On June 5, 2020, President Trump signed into law the Paycheck Protection Program Flexibility Act of 2020 (PPP Flexibility Act) which provides for greater flexibility for both existing and new borrowers under the Paycheck Protection Program (PPP). While it is anticipated that the SBA and Treasury Department will issue new guidance and forms in the coming days, here is what we know now:
Extension of Loan Maturity
The PPP Flexibility Act establishes a minimum maturity of five years for any PPP loans issued on or after June 5, 2020. However, lenders and borrowers may mutually agree to modify the maturity terms of a covered loan issued before June 5, 2020.
Extension of PPP Loan Period
The PPP Flexibility Act amends the broad “covered period” for loans under the Paycheck Protection Program, defining it as the period beginning on February 15, 2020, and ending on December 31, 2020, which is an extension from the original covered period of June 30, 2020. A Joint Statement by the Treasury Secretary and the SBA Administrator, issued on June 8, 2020 (Joint Statement), clarified that June 30, 2020, remains the deadline to apply for a PPP loan.
Extension of Covered Period for Forgiveness
The PPP Flexibility Act extends the loan forgiveness covered period during which the PPP loan would be eligible for forgiveness from eight weeks beginning on the date of origination of a covered loan to the period beginning on the date of the origination of a covered loan and ending the earlier of:
- 24 weeks after such date of origination; or
- December 31, 2020.
However, a borrower who received a PPP loan prior to June 5, 2020, may elect to retain the original eight-week loan forgiveness covered period.
The loan forgiveness covered period is used to determine the total amount of the PPP loan eligible for forgiveness, as well as the potential reduction resulting from a reduction in FTE and salaries during that covered period (subject to the re-hire provisions and exemptions noted below).
Extension of Re-Hire Period
The PPP Flexibility Act also revises the re-hire provision under the CARES Act to provide borrowers until December 31, 2020, to eliminate any reduction in FTE or reduction in salary that occurred during the period beginning on February 15, 2020, and ending on April 26, 2020.
Exemption Based on Employee Availability or Business Restrictions
The PPP Flexibility Act specifies that during the period beginning on February 15, 2020, and ending on December 31, 2020, loan forgiveness is determined without regard to a proportional reduction in the number of FTE employees if the borrower in good faith is able to document:
- Its inability to rehire individuals who were employees as of February 15, 2020; and its inability to rehire similarly qualified employees for unfilled positions on or before December 31, 2020; or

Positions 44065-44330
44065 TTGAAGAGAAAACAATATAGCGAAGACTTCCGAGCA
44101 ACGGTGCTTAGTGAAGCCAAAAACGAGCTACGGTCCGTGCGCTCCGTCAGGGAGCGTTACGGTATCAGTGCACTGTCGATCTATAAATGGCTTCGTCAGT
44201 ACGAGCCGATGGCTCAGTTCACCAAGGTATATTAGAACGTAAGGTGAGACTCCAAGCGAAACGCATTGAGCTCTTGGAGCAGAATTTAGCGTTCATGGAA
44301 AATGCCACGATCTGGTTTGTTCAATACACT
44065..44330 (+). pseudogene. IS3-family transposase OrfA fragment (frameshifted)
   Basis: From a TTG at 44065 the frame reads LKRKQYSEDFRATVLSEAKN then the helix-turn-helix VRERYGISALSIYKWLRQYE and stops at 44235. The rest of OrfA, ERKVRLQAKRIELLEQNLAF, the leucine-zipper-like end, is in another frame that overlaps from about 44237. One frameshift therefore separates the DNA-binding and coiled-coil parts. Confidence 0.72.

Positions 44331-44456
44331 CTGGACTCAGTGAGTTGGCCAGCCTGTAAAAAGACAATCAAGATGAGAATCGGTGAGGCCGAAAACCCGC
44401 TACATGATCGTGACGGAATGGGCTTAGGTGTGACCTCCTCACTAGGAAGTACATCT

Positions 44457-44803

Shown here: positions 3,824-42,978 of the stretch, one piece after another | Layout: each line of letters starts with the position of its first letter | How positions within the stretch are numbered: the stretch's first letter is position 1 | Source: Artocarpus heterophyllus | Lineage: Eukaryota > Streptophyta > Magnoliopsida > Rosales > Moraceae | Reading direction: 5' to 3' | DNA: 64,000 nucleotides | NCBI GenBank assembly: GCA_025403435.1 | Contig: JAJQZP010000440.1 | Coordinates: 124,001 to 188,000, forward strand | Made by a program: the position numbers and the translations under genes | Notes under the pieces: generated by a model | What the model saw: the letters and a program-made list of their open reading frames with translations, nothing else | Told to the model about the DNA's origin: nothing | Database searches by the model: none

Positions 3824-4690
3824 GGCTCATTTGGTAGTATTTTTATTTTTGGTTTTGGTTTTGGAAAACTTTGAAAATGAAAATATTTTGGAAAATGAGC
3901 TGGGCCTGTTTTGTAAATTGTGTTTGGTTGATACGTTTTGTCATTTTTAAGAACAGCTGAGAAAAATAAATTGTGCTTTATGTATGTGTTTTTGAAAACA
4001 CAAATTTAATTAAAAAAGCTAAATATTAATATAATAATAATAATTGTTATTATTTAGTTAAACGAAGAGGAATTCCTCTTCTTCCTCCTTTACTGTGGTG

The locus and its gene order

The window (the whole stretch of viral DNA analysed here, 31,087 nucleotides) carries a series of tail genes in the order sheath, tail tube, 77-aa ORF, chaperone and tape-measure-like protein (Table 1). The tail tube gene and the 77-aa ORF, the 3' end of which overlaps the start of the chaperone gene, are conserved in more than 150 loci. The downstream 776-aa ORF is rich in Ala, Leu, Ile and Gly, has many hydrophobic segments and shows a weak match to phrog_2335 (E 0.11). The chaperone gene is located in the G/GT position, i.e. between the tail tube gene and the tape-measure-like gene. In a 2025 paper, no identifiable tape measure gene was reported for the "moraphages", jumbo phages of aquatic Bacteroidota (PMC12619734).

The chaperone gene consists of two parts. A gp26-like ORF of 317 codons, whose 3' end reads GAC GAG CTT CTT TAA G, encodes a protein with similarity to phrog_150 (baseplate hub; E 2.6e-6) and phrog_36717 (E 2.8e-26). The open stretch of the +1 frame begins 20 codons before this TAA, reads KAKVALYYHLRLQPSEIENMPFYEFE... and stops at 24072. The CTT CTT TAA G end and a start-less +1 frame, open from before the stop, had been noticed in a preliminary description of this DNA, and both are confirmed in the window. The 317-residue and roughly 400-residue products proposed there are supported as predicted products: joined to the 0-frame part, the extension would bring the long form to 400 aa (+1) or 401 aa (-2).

- The borrower is able to document its inability to return to the same level of business activity that the business was operating at before February 15, 2020, due to compliance with federal requirements or guidance issued by the Secretary of Health and Human Services, the Director of the Centers for Disease Control and Prevention, or the Occupational Safety and Health Administration, related to worker or customer safety requirements related to COVID-19.
Limitation on Forgiveness
Under the PPP Flexibility Act, a borrower must use at least 60 percent of the covered loan for payroll costs in order to receive loan forgiveness, down from 75 percent as required by the first Interim Final Rule issued by SBA. The Act also explains that borrowers may use up to 40 percent of the loan amount for any payment of interest on any covered mortgage obligation, any payment on any covered rent obligation or any covered utility payment.
The Joint Statement clarifies that if a borrower uses less than 60 percent of the loan amount for payroll costs during the forgiveness covered period, the borrower will continue to be eligible for partial loan forgiveness, subject to at least 60 percent of the loan forgiveness amount having been used for payroll costs.
Extension of Deferral Period
The PPP Flexibility Act extends the deferral period from a period of not less than six months to the date on which the amount of forgiveness is remitted to the lender. In other words, the Borrower will not be required to make interest payments with respect to a PPP loan until this date. Additionally, the Act specifies that if a borrower fails to apply for forgiveness of the covered loan within 10 months after the last day of the loan forgiveness covered period, the borrower must start making payments of principal, interest and fees on the covered loan.
Delay of Payment of Employer Payroll Taxes
The PPP Flexibility Act eliminates the provision of Section 2303(a) of the CARES Act which specifies that PPP borrowers who have PPP debt forgiven are ineligible to defer payroll tax payments.
For assistance with specific PPP loan questions, please contact your Fredrikson & Byron attorney.